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Re: [whatwg] WebIDL and HTML5

From: Jonas Sicking <jonas@sicking.cc>
Date: Tue, 26 Aug 2008 12:13:56 -0700
Message-ID: <48B455F4.7040004@sicking.cc>
To: Garrett Smith <dhtmlkitchen@gmail.com>
Cc: Boris Zbarsky <bzbarsky@mit.edu>, Web Applications Working Group WG <public-webapps@w3.org>

Garrett Smith wrote:
>> In some UAs that alerts "null", in some it throws an exception because
>> createElement("") is not valid.  Just try it.
>>
> 
> Using ToString, the following result would be obtained:
> 
> // ERROR
> document.createElement("");
> 
> // create a "<null>" element.
> document.createElement(null);
> 
> // Create an "<a>" element.
> document.createElement( { toString: function(){ return "a"; }} );
> 
> document.createElement( new String("div") );
> 
> To simulate the ToString effect, use String( arg ); (do not use new
> String(arg));

Exactly, this shows that converting null to "null" is undesirable for 
some functions.

>>> No, but there should be a need to call ToString.
>> The thing is, ToString is lossy.  Once called, there is no way to tell apart
>> "null" and null.  However, there are DOM methods which require different
>> behavior for the two (e.g. createElementNS and so forth, which I did
>> explicitly mention earlier, contrary to your "counldn't think of one either"
>> business).
> 
> After the method createElement(null) is called, there will be no need
> to tell apart null and "null". I see that. Why is that a problem?

Not sure what you are saying here.

> You said that null -> "null" is "lossy". I don't think that's a valid
> argument. null -> "" is even more "lossy".

Both conversions are lossy yes. The correct solution is to do no 
conversion. As I've stated many times, null is a valid value for 
DOMString and so no conversion is needed in the general case.

However for some function *implementations* treating giving null and "" 
as an input argument will yield the same result, such as createElement.

>> Similarly, there are DOM methods that require different behavior for null
>> and "".  Specific examples include the proposed DOM style set APIs,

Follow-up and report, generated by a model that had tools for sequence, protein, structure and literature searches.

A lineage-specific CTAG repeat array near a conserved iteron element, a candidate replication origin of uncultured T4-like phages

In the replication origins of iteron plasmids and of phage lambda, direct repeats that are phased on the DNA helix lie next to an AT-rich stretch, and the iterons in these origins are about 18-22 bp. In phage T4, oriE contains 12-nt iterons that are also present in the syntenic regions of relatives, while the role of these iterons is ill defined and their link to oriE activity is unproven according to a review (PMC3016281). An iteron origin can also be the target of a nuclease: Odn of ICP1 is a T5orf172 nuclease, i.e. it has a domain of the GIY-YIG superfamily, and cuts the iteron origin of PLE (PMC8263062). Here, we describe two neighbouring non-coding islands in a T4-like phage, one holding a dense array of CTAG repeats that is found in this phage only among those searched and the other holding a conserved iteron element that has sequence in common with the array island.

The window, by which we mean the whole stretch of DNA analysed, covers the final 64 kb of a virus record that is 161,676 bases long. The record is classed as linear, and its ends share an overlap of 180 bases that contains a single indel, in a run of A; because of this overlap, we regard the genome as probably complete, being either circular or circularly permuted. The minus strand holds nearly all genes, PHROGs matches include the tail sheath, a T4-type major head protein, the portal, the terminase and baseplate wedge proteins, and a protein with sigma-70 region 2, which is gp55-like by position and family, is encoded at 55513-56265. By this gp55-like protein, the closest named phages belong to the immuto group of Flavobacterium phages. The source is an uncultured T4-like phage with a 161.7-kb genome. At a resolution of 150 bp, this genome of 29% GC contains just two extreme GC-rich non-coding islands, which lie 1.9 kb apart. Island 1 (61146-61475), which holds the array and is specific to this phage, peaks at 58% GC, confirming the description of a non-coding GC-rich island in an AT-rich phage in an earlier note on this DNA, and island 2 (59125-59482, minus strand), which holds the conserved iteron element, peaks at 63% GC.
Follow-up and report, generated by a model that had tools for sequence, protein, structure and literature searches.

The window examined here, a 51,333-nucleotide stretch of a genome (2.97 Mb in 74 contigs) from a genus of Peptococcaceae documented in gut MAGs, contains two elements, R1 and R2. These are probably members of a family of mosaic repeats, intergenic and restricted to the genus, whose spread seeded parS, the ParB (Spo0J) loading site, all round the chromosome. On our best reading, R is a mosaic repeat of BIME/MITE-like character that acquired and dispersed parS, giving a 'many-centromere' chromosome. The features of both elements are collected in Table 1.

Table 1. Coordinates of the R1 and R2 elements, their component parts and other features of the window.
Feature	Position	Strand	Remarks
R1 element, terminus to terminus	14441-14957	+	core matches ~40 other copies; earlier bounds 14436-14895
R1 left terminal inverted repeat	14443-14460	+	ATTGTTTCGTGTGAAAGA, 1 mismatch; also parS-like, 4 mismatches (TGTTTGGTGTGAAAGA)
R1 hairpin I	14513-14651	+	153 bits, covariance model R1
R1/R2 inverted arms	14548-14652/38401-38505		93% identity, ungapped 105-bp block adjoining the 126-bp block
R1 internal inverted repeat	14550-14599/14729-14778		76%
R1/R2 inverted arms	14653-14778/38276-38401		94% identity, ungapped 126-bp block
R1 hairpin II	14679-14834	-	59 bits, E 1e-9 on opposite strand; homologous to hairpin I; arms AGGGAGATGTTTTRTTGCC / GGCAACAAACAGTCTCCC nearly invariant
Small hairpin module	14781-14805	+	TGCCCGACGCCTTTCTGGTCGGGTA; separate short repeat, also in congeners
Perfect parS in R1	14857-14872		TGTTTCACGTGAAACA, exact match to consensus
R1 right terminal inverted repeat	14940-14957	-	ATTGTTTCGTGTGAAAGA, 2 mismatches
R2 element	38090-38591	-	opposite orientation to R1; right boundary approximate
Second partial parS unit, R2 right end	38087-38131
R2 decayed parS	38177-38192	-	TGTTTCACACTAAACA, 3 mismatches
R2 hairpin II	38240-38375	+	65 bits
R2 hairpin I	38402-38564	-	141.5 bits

>> DOMImplementation.createDocument. There are also cases where returning null
>> and returning "" are not equivalent.  inputEncoding is an example.
> 
> null and "" are not equivalent. Setting a style to have the value null
> should probably convert the value to "null"

What do you base that on? Can you point to any specs that state that 
that is the correct thing, or any webpages that expect that behavior?

> Internet Explorer is more strict in that it requires a string value,
> and won't call ToString. It would be useful to have the method call
> ToString, because that way an object with a toString method could be
> used for setting values:
> 
> <script>
> var colorObject = {
>   r : 16, g: 255, b: 16,
>   toString : function() {
>     return "rgb(" + this.r + "," + this.g + "," + this.b+")"; }
> }
> 
> document.body.style.backgroundColor = colorObject;
> </script>
> 
> It would seem somewhat expected that the colorObject's toString would
> be called. The object's toString method would be called from the
> internal ToString method.

I agree it seems useful to use ToString as a conversion method when an 
argument of type DOMString is passed something that isn't a valid 
DOMString value.


> Null is not the same as no value. Null is a type, having one value:-
> null. The value null is a primitive value in EcmaScript. It is the
> only member of the Null type.

As far the the DOM spec goes the value null is a bit special. It isn't 
simply a value valid for the Null type. null is also a valid value for 
many other types. For example Node.insertBefore takes as a second 
argument a Node, however passing null is a valid value to pass. So null 
is a valid value for the type Node.

I argue that there is very strong indication in the spec that null is 
also a valid value for the type DOMString. Camerons mail also supports this.

/ Jonas

/ Jonas
Received on Tuesday, 26 August 2008 19:15:35 GMT

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